top of page
  • Writer's picturePINF

What is the impact of public interest news?

Jonathan Heawood announces the new PINF Impact Fund

We all know that local journalism is good for democracy … don’t we? But how does this work in practice? What is the true relationship between local journalism and democratic engagement? And how can we strengthen this relationship?

Today, PINF is launching a new programme to measure the impact of local journalism on democratic engagement in two British cities. We are supporting five news providers to test old and new forms of journalism in London and Birmingham.

We want to help publishers make the most of their democratic impact, and we want to encourage donors and policymakers to support publishers who enable democratic engagement.

Other researchers have looked at the relationship between journalism and democracy at a general level. In 2020, DCMS published research by Plum Consulting showing that increased local newspaper circulation leads to increased voter turnout.

This research inspired us, but it also left us asking more questions. If there’s a correlation between local news and voter turnout, then what drives this correlation? Do some forms of local journalism have more democratic impact than others?

We talked about this with Neal Gandhi, Co-Founder and CEO of TPXImpact, one of the UK’s fastest-growing public sector focused digital and change companies. Neal believes that business should be a force for good in the world. He also believes in using data to drive innovation. And so, through the Neal & Dominique Gandhi Foundation, he has backed us to launch a new programme – the PINF Impact Fund.

With Neal and Dominique’s support, we are deepening our understanding of the democratic impact of local journalism by looking at the relationship between news and democracy in one of the smallest yet most powerful units of British politics – the ward.

There are 8,694 electoral wards in the UK, with an average population size of 5,500. Wards elect councillors, most of whom are members of political parties (unlike parish and town councillors, who aren’t usually party political). Ward elections can be the first rung on the ladder for the political leaders of the future, and local councillors are responsible for huge amounts of public spending. The City of Birmingham’s budget in 2021 was £3.2bn, for example.

Following an open call for applications and a rigorous selection process, we are delighted to announce that we are working with the following independent news providers in wards across London and Birmingham:

Some of these providers might sometimes publish pieces with a political slant; but for the purposes of this project, we are supporting them to produce content that is politically impartial.

We have awarded each provider a grant of £8,000 to enhance their capacity to cover issues that are relevant to local democracy. We have also commissioned Dr Joanna Reynolds of Capacity Q to bring an expert eye to our evaluation of these five projects and the programme as a whole.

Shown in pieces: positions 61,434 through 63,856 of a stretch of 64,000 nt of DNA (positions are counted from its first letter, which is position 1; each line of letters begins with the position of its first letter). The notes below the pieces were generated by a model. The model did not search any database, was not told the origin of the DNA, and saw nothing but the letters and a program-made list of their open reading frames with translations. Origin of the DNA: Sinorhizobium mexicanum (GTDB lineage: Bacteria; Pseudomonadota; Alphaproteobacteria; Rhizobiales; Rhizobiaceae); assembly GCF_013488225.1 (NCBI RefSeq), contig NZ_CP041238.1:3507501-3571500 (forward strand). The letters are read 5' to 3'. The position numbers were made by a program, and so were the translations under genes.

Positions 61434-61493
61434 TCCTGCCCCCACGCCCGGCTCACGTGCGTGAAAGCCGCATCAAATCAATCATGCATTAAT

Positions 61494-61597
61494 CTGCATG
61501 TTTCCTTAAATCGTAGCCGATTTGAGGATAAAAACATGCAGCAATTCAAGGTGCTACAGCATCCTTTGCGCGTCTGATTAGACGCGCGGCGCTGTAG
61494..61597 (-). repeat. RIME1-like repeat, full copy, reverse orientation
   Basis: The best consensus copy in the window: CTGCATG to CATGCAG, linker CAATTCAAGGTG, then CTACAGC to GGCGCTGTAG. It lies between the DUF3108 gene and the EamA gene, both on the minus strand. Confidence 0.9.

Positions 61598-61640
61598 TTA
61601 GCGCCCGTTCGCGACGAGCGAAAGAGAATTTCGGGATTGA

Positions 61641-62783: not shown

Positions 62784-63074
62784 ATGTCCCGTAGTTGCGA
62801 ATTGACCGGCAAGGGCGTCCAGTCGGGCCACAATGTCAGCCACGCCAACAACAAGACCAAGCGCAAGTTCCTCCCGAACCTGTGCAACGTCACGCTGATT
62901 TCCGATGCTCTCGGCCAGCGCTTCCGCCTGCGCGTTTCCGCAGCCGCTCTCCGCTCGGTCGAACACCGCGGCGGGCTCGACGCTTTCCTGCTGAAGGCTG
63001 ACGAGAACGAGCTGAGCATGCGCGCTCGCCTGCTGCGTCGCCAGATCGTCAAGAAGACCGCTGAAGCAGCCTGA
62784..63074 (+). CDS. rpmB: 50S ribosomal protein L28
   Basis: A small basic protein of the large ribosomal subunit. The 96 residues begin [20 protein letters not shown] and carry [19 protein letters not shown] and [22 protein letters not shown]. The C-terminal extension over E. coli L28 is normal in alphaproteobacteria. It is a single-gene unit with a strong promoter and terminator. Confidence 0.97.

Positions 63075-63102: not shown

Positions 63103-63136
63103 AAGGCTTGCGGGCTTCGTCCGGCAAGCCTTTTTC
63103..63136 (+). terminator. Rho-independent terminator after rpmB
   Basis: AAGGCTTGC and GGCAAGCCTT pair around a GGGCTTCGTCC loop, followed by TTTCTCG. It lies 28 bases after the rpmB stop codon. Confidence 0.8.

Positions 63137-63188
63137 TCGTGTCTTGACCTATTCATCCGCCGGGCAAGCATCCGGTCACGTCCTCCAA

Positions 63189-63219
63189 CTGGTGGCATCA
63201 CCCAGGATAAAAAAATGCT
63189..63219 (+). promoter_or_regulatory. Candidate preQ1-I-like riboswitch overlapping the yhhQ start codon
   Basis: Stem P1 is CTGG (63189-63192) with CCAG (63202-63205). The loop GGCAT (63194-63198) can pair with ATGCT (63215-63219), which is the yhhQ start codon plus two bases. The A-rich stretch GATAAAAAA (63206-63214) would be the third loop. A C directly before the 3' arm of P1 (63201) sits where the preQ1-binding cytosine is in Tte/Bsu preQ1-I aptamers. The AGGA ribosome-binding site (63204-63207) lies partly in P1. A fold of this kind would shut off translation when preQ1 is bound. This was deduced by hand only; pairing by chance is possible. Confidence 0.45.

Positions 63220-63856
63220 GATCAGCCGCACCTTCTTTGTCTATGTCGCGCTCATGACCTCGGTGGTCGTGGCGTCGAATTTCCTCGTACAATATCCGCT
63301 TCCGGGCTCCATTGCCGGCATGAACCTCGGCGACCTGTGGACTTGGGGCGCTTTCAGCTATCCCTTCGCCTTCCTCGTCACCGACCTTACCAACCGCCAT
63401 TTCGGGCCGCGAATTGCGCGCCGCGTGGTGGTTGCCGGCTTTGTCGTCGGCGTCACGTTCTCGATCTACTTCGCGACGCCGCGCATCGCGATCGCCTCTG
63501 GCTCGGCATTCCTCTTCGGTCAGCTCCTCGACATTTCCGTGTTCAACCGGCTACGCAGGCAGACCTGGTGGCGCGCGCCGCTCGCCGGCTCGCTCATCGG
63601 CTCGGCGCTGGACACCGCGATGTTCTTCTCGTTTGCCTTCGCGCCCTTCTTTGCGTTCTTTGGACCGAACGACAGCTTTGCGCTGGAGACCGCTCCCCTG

Each news provider is doing things differently. One is planning to hold focus groups to generate story ideas, whilst another is planning to distribute free copies of their printed paper to every household in the ward. One is actively encouraging their audience to vote and another is putting on hustings for local candidates.

By comparing these interventions against each other, we can test their relative impact on quantitative measures like voter turnout, as well as qualitative measures like public attitudes towards the local council. And we can find out whether, as a whole, this kind of engaged local journalism has a positive impact on democratic engagement.

Of course, there are contextual factors that will affect our findings. There might be a big national event that affects voter turnout right across the country. That’s why we’re going to compare each of our wards against a demographically similar ward in the same area. The comparison ward will act something like a control in a clinical trial.

If the same thing happens in both the intervention ward and the control ward – if, for example, voter turnout goes up by 3% in both wards – then that will suggest that both wards have been affected by something beyond our programme. If, on the other hand, voter turnout goes up in the intervention ward and down in the control ward, then we can be more confident that we’re seeing the impact of our activities.

Our findings might also be affected by unusual circumstances in one ward – a particularly popular local candidate, for example, or a scandal that inspires people to vote (or not to vote). We’ll be keeping track of these contextual factors, so that we can see through them to the underlying trends.

Of course, this is only a pilot programme, and there’s so much more that we’d like to do. But we hope that our findings will be valuable to anyone who wants to strengthen the relationship between local news and democracy.

This isn’t just about defending the old values of journalism; it’s also about developing new forms of journalism that are rooted in the democratic needs of communities up and down the UK.

Jonathan Heawood is Executive Director of PINF.

On 30 November, Jonathan will be talking about press freedom, social media and journalism at Gladstone’s Library. In-person and online tickets are available here:


bottom of page